RANTOUL — Rantoul native Justin Brown was not an avid bicyclist. So riding for 2,800 miles cross country was kind of a shock to the system.
Brown and fellow members of the Pi Kappa Phi fraternity pedaled from San Francisco to Washington, D.C., on the Journey of Hope, a national project designed to raise money for and awareness of people with disabilities.
“I enjoyed it, but I’m definitely glad to not be on my bike for a little bit,” said Brown, speaking from Macomb, the home of Western Illinois University, where he recently started his senior year, majoring in political science.
Brown said many of the people with disabilities on the route avidly look forward to the visits each year. But he said he got as much out of the experience as they did.
“Some will be so upset when you have to leave that they cry or give you like 10 hugs,” Brown said. “It’s definitely given me a ... new perspective on myself and the world and my university. That’s part of what the experience is supposed to do. These people that I’ve met have impacted me as just as much as I have impacted them.”
Brown and his fellow cyclists heard the stories of many of the experiences of what the people they visited have gone through.
“A lot of people think they aren’t able or capable to do what you or I are able to do,” he said. “Just seeing the positivity that a lot of them have, they still have a smile on their face or are super excited and live life to the fullest.”
The group of bicyclers stopped each day at camps designed for people with disabilities and helps to raise money for grants to camps for the disabled.
That experience helped to motivate Brown on the 63-day journey.
Brown said there were times during the trip when he wouldn’t have minded taking a break or being elsewhere.
“But the minute you get to some of these organizations and see the smiles or they see you across the room and run to you,” it makes it all worthwhile, he said.
Brown and the others who were not avid cyclists took part in a five-month training regimen in January to take part in the trip, which started June 9 and ended Aug. 10. The regimen included “a lot of cycling” and strength exercises that works on the legs and the core muscles.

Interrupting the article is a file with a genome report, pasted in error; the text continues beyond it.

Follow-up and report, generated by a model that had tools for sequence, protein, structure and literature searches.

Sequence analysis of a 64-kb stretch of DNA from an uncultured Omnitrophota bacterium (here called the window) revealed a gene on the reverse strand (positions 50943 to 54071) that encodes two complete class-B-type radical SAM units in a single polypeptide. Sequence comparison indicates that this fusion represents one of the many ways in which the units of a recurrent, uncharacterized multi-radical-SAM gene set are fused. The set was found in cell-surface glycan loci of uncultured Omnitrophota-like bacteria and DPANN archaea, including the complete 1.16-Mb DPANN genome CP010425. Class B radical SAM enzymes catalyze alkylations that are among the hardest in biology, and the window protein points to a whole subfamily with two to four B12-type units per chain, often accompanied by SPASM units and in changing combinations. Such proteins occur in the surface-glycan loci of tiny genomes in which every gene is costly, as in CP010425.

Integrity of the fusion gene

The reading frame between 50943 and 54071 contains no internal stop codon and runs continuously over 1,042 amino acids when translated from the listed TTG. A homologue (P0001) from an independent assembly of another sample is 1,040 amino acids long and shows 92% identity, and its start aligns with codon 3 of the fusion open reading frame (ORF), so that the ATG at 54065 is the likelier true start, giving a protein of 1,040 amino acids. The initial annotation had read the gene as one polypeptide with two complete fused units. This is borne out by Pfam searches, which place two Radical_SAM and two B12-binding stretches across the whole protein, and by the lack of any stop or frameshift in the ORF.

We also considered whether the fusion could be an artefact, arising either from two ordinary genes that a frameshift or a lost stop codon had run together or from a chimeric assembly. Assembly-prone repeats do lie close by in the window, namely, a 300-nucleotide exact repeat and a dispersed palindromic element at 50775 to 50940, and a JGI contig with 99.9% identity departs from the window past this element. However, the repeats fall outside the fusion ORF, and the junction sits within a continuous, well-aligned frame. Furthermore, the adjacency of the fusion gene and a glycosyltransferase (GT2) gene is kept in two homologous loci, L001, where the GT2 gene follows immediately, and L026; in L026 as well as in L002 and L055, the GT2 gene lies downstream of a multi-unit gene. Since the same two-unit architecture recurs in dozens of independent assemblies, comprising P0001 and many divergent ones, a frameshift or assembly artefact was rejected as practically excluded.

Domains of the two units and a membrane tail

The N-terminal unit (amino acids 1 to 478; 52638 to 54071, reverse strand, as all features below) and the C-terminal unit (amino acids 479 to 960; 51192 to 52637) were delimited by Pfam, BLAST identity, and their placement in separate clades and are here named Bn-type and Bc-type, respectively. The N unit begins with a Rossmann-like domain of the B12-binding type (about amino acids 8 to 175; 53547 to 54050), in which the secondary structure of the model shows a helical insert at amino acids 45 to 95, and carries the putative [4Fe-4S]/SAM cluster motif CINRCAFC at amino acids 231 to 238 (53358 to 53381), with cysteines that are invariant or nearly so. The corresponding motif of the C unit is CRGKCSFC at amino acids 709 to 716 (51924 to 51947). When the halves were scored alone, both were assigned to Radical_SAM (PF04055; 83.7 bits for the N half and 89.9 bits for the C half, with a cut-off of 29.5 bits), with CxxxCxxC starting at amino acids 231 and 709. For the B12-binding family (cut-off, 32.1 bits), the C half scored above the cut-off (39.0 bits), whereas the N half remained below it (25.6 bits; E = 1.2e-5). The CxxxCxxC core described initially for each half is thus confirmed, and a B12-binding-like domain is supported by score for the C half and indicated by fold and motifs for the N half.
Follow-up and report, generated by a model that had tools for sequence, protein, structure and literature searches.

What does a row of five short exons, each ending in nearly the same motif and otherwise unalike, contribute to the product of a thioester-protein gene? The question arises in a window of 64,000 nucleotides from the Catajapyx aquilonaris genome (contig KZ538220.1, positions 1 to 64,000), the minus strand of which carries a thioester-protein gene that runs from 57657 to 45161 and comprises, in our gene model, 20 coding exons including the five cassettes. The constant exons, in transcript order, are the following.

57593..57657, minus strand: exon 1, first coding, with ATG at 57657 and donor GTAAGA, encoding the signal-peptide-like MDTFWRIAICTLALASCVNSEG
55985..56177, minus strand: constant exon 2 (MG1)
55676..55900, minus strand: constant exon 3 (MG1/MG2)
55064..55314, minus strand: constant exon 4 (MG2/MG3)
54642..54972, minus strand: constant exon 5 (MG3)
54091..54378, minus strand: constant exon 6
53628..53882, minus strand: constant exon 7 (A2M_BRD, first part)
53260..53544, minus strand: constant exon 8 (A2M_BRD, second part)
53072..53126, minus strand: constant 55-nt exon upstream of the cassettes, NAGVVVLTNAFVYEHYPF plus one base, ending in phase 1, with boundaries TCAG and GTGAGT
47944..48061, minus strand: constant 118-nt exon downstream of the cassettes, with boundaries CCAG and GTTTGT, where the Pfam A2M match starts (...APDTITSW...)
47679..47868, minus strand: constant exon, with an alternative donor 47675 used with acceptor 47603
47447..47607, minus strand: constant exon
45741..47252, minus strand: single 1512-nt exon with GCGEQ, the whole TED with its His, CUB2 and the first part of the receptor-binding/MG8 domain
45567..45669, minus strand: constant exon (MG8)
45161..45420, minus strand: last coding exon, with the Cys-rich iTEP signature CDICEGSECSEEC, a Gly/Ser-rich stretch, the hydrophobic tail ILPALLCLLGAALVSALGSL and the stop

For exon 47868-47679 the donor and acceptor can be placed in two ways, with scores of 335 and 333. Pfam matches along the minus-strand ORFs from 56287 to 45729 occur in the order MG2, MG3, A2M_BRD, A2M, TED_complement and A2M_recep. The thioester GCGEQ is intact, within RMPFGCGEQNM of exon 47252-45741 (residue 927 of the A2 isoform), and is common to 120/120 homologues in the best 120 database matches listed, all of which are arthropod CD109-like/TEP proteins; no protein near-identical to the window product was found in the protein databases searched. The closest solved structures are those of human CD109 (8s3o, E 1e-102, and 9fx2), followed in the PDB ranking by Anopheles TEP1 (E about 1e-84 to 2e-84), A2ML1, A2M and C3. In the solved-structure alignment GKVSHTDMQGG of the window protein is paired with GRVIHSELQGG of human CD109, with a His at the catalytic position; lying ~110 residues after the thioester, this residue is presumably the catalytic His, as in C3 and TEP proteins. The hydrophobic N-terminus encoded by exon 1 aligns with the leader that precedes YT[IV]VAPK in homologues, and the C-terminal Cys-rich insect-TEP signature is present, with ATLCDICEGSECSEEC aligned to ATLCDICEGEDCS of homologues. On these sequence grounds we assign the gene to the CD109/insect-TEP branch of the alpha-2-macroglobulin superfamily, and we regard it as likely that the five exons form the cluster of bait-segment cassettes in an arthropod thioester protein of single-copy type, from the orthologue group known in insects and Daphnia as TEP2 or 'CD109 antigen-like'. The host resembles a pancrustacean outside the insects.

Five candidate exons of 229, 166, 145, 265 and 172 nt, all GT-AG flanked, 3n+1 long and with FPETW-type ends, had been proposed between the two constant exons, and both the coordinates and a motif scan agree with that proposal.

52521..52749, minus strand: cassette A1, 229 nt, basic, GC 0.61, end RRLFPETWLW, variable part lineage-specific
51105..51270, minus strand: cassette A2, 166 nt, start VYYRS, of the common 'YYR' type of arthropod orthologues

Twenty-nine people were part of Brown’s “route,” with seven of those being support individuals. They were one of three routes that totaled 86 people.
The cyclists typically rode in a pace line of three to five. They started at different times of the day, but the pace lines tried to stay within 10 miles of one another. They averaged 75 miles a day, although some days got up to 125 miles.
“Typically at the end of each day we would do a friendship visit with an organization who has a similar mission to what we had,” Brown said.
It wasn’t all work. There were some off days in which they participated in friendship visits with various organizations. Activities such as wheelchair softball games, dance parties and water balloon fights brought out the smiles.
“We helped people travel,” Brown said, including one stop in Steam Boat Springs, Colo., where they took a group of wheelchair-bound residents down a trail to a waterfall they’d never visited before.
A memorable time
The trip created memories that Brown said will last a lifetime.
“A lot of them wait a whole year for us to come back and are excited when we get back into town,” he said.
Brown especially enjoyed seeing areas of the country he’d never visited, most of them out west. And going by bike on two-lane highways or back roads provided a greater experience than traveling by car on interstate highways, said Brown, who was struck “by the beauty” of the route.
Brown didn’t mind one bit having to bike up mountain roads in Colorado, which he said was probably the favorite part of his trip.
A mountaintop experience
“Seeing the snow peaks” was a thrill, he said. “People were still skiing in the mountains in July. We went through a ski resort. Snow was everywhere. And just being able to go the top of that peak 12,000 feet up and seeing for miles.”
Brown, who traveled with his bike to San Francisco by plane, was met in D.C. by his parents, Tony and Beth Brown. Police gave the cyclers an escort and blocked the road for them up to the U.S. Capitol. The Browns were all able to attend a Journey for Hope banquet in D.C. with their son.
Although Brown said he isn’t likely to cycle cross country again for the cause, he said he will continue to advocate and share the message about the value of people with disabilities.
“It’s important to do what we can in our local communities,” he said. “I met a lot of guys along the way who were supporting us who did this (bike trip) 15-20 years ago.”